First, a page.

How To Design an Easter Rabbit (For Carving)

Janice SherriffsUpdated: Mar 29, 2023

In the run up to Easter, the shops are full of Easter Eggs. If you look around the internet, you can find all sorts of items to show them off or to give as presents.

One of the most popular eggs here in the UK is the Cadbury Cream Egg. I’m sure cream eggs are found in most places around the world. And everywhere you look, on Etsy or Facebook Marketplace, you can find patterns for egg holders or egg holders for sale.


1. How to Design an Easter rabbit

Thinking it couldn’t be too hard to make the pattern myself, I thought I’d give it a try.

However, I am not the most artistic person in the world.

In fact, my school reports used to say “Janice tries very hard in art classes but has no talent in this field at all” - brutal I know. So, still being scarred by this,  I knew my drawing skills wouldn’t be up to just drawing something and then scanning it to my computer. I thought I’d design something in my favourite carving program, Easel.

I am in the very lucky position to have a few different YoraHome machines. And, I already had Easel set up with the YoraHome CNC Router 3018 Pro and 300W spindle upgrade as the machine to use. I left this as it was for now.


2. Setting Up the Workspace in Easel

I opened Easel and opened a New Project.


I had decided on the wood I intended to use: 4mm Baltic ply. So, I set the material and its size and thickness.


I then set the bit size as "Other 1mm". All of this turned out to be irrelevant in the end.


3. Starting the Design Process in Easel

To start the design process, I clicked Shapes on the left of the screen.


Clicking on "circle" opened a circle shape on screen.


I locked the proportions of the circle, adjusted the size and moved the circle into position on the screen.


I went back to shapes and circle again.


I moved the circle around to judge if the size would make a suitable head.


I then moved the second circle so that it overlapped the body.


Then back to shapes and circle again.


This circle was much too big to be a paw!


I locked the proportions again and adjusted the size.


I went to Edit and Copy.


Then Edit and Paste.


I moved both paws to where looked right and checked the y position was the same for both.


I then added yet another circle.


Leaving the lock off the proportions, I adjusted the circle shape to an elongated oval.


I then did the edit, copy paste again, so I had 2 ears.


I clicked on one ear and moved it into position and angled it slightly.


I repeated this for the second ear.


Then I went to Edit and Select All.


Then Edit then Combine. This takes all the separate parts and makes them into 1 piece.


4. How to Make the Easter Bunny stand up

To make the rabbit stand up, it needed a tab on the bottom – this time I went to Shapes and chose Square.


I adjusted the width of the square to make a suitable tab size.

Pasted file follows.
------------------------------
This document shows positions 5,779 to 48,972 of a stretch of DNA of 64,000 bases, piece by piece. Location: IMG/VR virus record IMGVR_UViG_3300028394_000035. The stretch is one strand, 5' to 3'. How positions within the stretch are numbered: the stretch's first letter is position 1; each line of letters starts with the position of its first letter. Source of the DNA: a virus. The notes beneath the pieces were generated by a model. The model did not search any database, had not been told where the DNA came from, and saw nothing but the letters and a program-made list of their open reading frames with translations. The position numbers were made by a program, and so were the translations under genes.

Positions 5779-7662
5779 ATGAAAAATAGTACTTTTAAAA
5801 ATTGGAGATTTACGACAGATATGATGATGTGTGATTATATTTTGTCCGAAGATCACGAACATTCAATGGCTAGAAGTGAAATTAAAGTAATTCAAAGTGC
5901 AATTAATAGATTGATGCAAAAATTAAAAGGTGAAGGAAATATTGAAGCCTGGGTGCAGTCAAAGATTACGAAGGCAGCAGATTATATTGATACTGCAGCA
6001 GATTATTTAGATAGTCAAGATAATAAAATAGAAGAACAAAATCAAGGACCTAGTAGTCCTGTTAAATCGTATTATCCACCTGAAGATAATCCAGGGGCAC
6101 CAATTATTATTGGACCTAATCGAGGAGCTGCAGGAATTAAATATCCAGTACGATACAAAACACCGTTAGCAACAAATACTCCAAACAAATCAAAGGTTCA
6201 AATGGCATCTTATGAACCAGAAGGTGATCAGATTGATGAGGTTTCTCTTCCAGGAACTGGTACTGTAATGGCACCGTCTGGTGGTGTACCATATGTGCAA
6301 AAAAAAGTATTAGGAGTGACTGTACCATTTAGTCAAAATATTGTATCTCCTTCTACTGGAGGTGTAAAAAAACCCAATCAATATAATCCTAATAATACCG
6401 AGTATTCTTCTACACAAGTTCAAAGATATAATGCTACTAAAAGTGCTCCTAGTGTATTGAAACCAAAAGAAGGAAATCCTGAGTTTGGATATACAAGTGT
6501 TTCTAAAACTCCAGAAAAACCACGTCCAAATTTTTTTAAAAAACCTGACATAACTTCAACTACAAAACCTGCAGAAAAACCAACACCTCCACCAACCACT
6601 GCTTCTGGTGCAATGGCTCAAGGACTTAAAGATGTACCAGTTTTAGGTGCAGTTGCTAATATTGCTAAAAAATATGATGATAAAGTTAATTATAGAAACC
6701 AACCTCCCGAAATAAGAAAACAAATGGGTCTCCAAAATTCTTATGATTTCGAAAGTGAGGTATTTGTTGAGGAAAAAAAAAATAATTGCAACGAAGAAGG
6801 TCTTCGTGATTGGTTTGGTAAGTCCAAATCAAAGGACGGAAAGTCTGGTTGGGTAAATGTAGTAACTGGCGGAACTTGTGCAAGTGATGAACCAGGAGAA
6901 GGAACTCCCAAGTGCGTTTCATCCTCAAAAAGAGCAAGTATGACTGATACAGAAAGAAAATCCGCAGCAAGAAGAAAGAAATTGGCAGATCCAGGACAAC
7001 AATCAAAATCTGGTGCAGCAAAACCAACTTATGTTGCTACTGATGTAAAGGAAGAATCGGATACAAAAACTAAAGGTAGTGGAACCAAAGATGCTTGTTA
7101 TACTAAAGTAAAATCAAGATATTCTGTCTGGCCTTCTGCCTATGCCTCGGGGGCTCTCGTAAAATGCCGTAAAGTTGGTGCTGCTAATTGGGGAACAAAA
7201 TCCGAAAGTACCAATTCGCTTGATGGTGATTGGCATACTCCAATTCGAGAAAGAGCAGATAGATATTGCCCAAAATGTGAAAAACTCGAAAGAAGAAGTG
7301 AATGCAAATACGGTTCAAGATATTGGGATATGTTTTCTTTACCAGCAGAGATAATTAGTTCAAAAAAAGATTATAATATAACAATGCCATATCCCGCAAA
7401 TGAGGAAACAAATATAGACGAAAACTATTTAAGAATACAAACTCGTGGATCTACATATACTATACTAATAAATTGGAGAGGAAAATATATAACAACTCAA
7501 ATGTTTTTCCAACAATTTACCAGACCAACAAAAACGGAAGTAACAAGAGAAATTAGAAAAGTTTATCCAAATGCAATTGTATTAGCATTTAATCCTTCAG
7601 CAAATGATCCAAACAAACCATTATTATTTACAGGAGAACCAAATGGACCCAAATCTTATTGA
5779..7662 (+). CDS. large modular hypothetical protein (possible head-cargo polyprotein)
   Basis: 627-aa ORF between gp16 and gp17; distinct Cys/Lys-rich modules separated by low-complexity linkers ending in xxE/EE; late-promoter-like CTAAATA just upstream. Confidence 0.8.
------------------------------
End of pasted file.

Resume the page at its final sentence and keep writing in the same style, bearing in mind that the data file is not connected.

The tab y position was adjusted to match the base of the paws plus the thickness of the wood and then Edit Select All.


I then used the align horizontal centres function.


Next, I needed to use Shape and Circle and then adjust size to make an oval base.


Next, I needed the slot for the tab to slot into, using the shape square function and adjusting the size.


I moved this oblong into the oval and selected both of those objects and centred them vertically and horizontally.


5. Cutting the Hole for the Cream Egg

I then copied the base shape and adjusted it to the dimensions of the cream egg.


I selected the bunny and tab shapes and combined them.


I moved the egg shape closer to the bunny and selected those shapes.


These shapes were centred horizontally and vertically again – at this point the shapes on the inside were no longer visible.


6. Making the Design Visible

I went to the Cut Tab and Cut Path, then clicked Cut on Path Shape and everything re-appeared.


I then moved the egg shape to a better position.


I moved the base to save on wood.


I selected all, then set the Cut Depth to 4 mm.


Then, I went to Cut Settings and Manual to set my feed/speed/depth.


All that was left at this point was to actually cut the rabbit out.

7. Reality Check

I am a firm believer in blatant honesty and think everyone can learn as much from mistakes as triumphs, so here was my disaster.

The first thing I realized was that my design was way too big once I’d scaled it up for the egg shape. When I say it was too big, I was using my YoraHome CNC Router 3018-Pro, I should have used the YoraHome Mandrill CNC Router 3036 with its bigger work-bed , but that’s another story.

So in a flash of brilliance, I decided to reduce the size again and rotate the image.


On starting the cut, it was then obvious that I hadn’t accounted for the egg shape size.


So, I made a copy of the project and deleted everything apart from the egg shape, which I then made bigger.


Showing the bigger egg cut out.

8. The Completed Project

On removing the plywood from the spoil-board and putting it together, the result wasn’t so bad after all.


And once the cream egg was added, nobody cares.


But this wasn’t quite as sharp and pretty as I was after, so I needed to try another method.

Thankfully I have a few YoraHome machines, so I will try this on my YoraHome CNC Laser Engraving Machine 6550-Pro (All-In-One System) next.


YoraHome has the machines available to make your designs come to life! And I promise the Easter Bunny will look so much better in the next blog.